Over at ThinkProgress, Matt Yglesias has a “Reality Check” for progressives who believe that Democrats are “‘bad’ at electoral politics.” To the contrary, Yglesias argues, Democrats have won the popular vote for president 4 times since 1980 (the same as the Republicans), have “controlled the House for 18 out of those 30 years, and controlled the Senate for 14 out of 30 years.” According to Yglesias, “None of that sounds to me like a political party that’s having trouble persuading people to vote for it.”
In short, according to Matt Yglesias, Democrats are basically doing fine, the implication being that there’s little (if any) need to fix their “problems” (since they don’t really have any), to strengthen their messaging/narrative skills (which Yglesias seems to argue are perfectly adequate), etc. Well, sorry, but I don’t buy it. Instead, here’s my own “reality check” on Matt Yglesias’ “Reality Check.”
First off, as one of Matt Yglesias’ readers (correctly) points out:
Republicans have managed to achieve partisan parity with the Democrats at the same time that they’ve moved astonishingly far to the right. Democrats have held pretty tight to the socio-cultural mainstream and yet half the time they still get their clocks cleaned by a ragtag collection of various cranks and radicals.
That point can’t be emphasized enough. Today’s Republicans are most definitely not your father’s – and certainly not your grandfather’s – GOP. Imagine Dwight Eisenhower (highest tax rate was 92%, strongly pro-organized-labor, expanded government role in health care, was against foreign policy unilateralism, warned against the military-industrial complex, sided with Nasser against Israel), Richard Nixon (wage and price controls, EPA, Clean Air Act, Earth Day, went to Communist China), Gerald Ford (outspoken supporter of Equal Rights Amendment, called Roe v. Wade a “great, great decision”, ran a budget deficit, signed Education for All Handicapped Children Act), or even the great Ronald Reagan (raised taxes – on gasoline, corporations, etc. – numerous times, negotiated with the “evil empire,” offered to give up our nuclear weapons, ran up enormous deficits, expanded Social Security, grew the government). There’s also the 1993 Republican Party, which proposed health care reform that is very similar to what was enacted into law earlier this year by the “socialists” Pelosi, Reid and Obama. And then there’s the evilevilevil “cap and trade,” which started in part as a Reagan conservative idea to harness the power of the market in order to solve environmental problems.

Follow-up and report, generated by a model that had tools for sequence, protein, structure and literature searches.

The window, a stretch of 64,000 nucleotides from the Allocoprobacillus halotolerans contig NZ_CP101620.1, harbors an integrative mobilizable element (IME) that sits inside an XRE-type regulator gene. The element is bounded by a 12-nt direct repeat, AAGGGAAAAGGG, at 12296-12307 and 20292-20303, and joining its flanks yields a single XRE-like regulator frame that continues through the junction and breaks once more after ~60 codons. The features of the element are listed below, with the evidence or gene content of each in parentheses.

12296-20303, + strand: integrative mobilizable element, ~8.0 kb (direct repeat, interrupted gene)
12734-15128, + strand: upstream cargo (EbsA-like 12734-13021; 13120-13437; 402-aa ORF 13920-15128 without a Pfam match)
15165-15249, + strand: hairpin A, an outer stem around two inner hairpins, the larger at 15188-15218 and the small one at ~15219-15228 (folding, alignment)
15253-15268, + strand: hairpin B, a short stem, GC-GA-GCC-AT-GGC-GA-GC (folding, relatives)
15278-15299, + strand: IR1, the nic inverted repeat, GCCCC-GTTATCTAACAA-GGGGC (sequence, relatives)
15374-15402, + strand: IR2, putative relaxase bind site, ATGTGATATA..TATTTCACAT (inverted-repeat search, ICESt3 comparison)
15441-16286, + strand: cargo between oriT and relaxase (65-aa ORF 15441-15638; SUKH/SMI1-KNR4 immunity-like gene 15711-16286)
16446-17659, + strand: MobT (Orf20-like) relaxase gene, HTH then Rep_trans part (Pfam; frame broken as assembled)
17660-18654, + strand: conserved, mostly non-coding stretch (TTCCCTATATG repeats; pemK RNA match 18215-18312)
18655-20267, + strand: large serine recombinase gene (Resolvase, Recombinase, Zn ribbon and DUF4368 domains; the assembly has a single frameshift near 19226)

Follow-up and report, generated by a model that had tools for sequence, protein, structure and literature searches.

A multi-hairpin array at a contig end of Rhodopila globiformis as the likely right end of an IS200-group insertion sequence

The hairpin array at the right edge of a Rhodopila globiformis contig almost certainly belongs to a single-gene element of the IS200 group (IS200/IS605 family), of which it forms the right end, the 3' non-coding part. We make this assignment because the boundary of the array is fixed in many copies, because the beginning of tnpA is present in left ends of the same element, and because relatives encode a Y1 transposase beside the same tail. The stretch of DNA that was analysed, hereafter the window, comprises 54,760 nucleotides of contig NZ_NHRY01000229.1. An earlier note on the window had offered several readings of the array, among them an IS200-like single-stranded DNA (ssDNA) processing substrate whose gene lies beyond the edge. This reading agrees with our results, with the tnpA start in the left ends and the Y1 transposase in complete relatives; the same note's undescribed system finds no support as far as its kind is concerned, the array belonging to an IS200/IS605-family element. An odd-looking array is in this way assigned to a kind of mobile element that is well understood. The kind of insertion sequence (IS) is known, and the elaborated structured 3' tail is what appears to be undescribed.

The point is, today’s Republican Party is so far right wing that few, if any, of its previous leaders would be considered “conservative” enough. Today, many former Republican presidents (including Reagan, most likely) would be primaried from the right, by the Tea Party or whoever, and many would be attacked (and probably defeated) as “RINOs.” Meanwhile, Democrats have, if anything, moved to the center-right, adopting Republican ideas of 20 years ago and “triangulating” with a vengeance. Yet Democrats are somehow not kicking Republicans’ butts up and down the ballot, from state legislatures to Congress? How can this be? According to Matt Yglesias, it’s not a messaging failure or an indication of any “problem.” Well, sorry, but I respectfully – but completely – disagree. That’s reality check #1.
As for the fact that Democrats have about broken even with Republicans since 1980 at the federal level, I just don’t buy that. The 1980s were the golden (for Republicans) “Reagan Era,” although Democrats mostly controlled Congress. In the 1990s, we had a two-term Clinton presidency, but from 1994 on (Gingrich’s “Contract ON America”), it was the Dick Morris “triangulation” – ending welfare as we know it, school uniforms, no major progressive initiatives of any kind – Clinton presidency. Then, we have the 2000s, with Bush/Cheney for 2 terms (despite Al Gore winning the popular vote in 2000) and a hard-right Republican Congress for much of the decade. Why is this picture not looking so rosy? Anyway, that’s reality check #2.
Finally, I’d just reiterate the fact that Democrats have moved significantly to the right over the past 30 years, as the Republicans have lurched into lunatic-fringe la la land. The result is that, today, we have no serious progressive movement and certainly no serious progressive political party in this country. Yet Matt Yglesias argues that Democrats don’t really have a “problem” and that they are not “‘bad’ at electoral politics?” Perhaps I set the bar a lot higher than Yglesias does for what constitutes Democratic success, but personally, I find it hard to think of the 1980-2010 period as a great era of Democratic and progressive success stories. That’s reality check #3.
So, how about you, what do you think?